[Photo is Cape Cod Canal] Ok, the title was a rhetorical question. Some examples of the changes:
Blood lead lowest allowable limit:
1991 10 ug/dL
2012 5 ug/dL
2003 ISO 15197 standard is 20% above 75,
2013 ISO 15197 standard is 15% above 100,
2014 proposed FDA standard is 10% above 70.
Industry – Regulatory affairs professionals participate in standards committees and support each other through their trade organization, AdvaMed. The default position of industry is no standards – when standards are inevitable, their position is to make the standard as least burdensome as possible to industry.
Lab – Clinical chemists and pathologists are knowledgeable about assay performance. ALERT – pathologists are not clinicians. Also, lab people are often beholden to industry since clinical trials are paid by industry, conducted in hospitals by clinical chemists or pathologists.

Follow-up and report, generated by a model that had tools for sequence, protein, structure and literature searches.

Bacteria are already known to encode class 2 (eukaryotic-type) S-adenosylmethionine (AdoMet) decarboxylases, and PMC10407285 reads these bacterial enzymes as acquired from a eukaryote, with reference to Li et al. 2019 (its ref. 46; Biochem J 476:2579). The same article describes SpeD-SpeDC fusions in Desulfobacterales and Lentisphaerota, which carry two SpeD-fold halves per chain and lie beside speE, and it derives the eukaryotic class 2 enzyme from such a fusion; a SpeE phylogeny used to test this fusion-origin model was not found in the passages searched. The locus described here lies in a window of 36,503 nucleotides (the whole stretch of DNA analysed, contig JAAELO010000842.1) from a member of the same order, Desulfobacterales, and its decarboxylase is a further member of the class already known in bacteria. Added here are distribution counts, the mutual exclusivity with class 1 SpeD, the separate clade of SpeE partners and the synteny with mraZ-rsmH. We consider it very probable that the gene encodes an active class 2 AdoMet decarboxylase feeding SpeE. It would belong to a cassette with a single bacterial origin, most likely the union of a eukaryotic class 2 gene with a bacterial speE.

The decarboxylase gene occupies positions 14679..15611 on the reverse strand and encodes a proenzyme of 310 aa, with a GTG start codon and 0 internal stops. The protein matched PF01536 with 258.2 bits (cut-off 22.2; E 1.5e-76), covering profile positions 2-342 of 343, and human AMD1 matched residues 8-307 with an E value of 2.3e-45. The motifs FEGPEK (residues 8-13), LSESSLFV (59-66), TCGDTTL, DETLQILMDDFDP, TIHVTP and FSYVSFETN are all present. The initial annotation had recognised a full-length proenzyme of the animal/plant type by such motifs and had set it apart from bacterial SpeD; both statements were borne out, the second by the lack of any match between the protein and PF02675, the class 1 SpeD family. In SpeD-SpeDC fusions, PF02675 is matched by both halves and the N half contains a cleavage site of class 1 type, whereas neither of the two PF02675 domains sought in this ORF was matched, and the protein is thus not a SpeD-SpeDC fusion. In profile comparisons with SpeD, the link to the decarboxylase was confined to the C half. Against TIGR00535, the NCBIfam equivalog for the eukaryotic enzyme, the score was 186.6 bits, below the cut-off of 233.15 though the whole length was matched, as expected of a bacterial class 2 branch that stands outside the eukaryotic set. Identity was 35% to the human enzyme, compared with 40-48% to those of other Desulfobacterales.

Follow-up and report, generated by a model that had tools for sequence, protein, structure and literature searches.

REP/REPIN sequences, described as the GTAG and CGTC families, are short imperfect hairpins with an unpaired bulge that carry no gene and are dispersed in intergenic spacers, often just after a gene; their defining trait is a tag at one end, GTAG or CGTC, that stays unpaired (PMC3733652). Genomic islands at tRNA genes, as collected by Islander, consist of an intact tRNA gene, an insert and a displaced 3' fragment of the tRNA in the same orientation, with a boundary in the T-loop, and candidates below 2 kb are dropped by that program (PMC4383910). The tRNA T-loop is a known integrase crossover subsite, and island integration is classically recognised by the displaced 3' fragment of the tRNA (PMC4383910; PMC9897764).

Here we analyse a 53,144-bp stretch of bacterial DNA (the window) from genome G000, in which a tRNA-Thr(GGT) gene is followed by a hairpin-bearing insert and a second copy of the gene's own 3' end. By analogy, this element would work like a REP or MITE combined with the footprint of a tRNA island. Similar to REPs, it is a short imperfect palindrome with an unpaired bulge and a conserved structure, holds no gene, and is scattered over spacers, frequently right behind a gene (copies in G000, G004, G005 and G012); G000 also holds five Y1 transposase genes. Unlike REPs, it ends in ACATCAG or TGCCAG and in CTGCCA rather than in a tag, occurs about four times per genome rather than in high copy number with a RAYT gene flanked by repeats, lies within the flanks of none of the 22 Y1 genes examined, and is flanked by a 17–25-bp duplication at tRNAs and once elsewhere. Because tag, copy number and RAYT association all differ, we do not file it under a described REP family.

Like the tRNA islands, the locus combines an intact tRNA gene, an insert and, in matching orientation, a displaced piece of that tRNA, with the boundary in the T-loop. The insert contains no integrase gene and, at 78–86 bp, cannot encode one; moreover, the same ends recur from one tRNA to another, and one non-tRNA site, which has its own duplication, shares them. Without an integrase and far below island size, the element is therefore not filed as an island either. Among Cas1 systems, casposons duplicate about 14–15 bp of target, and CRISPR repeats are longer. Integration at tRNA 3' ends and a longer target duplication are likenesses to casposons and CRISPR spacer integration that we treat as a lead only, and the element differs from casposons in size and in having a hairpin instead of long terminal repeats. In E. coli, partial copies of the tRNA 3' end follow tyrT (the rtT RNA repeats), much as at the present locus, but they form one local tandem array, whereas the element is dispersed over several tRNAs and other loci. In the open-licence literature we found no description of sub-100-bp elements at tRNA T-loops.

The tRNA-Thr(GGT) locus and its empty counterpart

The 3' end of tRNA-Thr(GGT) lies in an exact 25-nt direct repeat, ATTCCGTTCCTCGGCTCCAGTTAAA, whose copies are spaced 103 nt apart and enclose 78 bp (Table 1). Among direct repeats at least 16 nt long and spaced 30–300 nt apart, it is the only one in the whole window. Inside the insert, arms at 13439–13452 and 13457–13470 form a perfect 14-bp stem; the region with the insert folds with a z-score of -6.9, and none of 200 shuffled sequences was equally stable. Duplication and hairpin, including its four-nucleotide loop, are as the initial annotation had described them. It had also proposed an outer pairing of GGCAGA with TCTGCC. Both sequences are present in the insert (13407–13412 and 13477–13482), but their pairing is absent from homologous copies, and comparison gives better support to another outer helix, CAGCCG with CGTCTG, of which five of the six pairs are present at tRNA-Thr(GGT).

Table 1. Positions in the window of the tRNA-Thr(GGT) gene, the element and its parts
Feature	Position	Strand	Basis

Clinicians – Sometime, clinicians are part of standards but less often than one might think.
Regulators – People from FDA, CDC, and other organizations have to decide to approve or reject assays and are often part of standards groups.
Patients – Patients have a voice sometimes – diabetes is an example.
Medical Knowledge – As the title implies, the medical knowledge related to performance goals is probably of little consequence. For example, the harm of lead exposure is not a recent discovery.
Technology – Improving assay performance due to technical improvements probably does play a role in standards. All of a sudden the performance standard is tighter and coincidently, assay performance has improved.
Cost – Healthcare is rationed in most countries so cost is always an issue, but it is rarely discussed.
Note that the earliest standard for these two assays is 100% or more lenient than the current standard.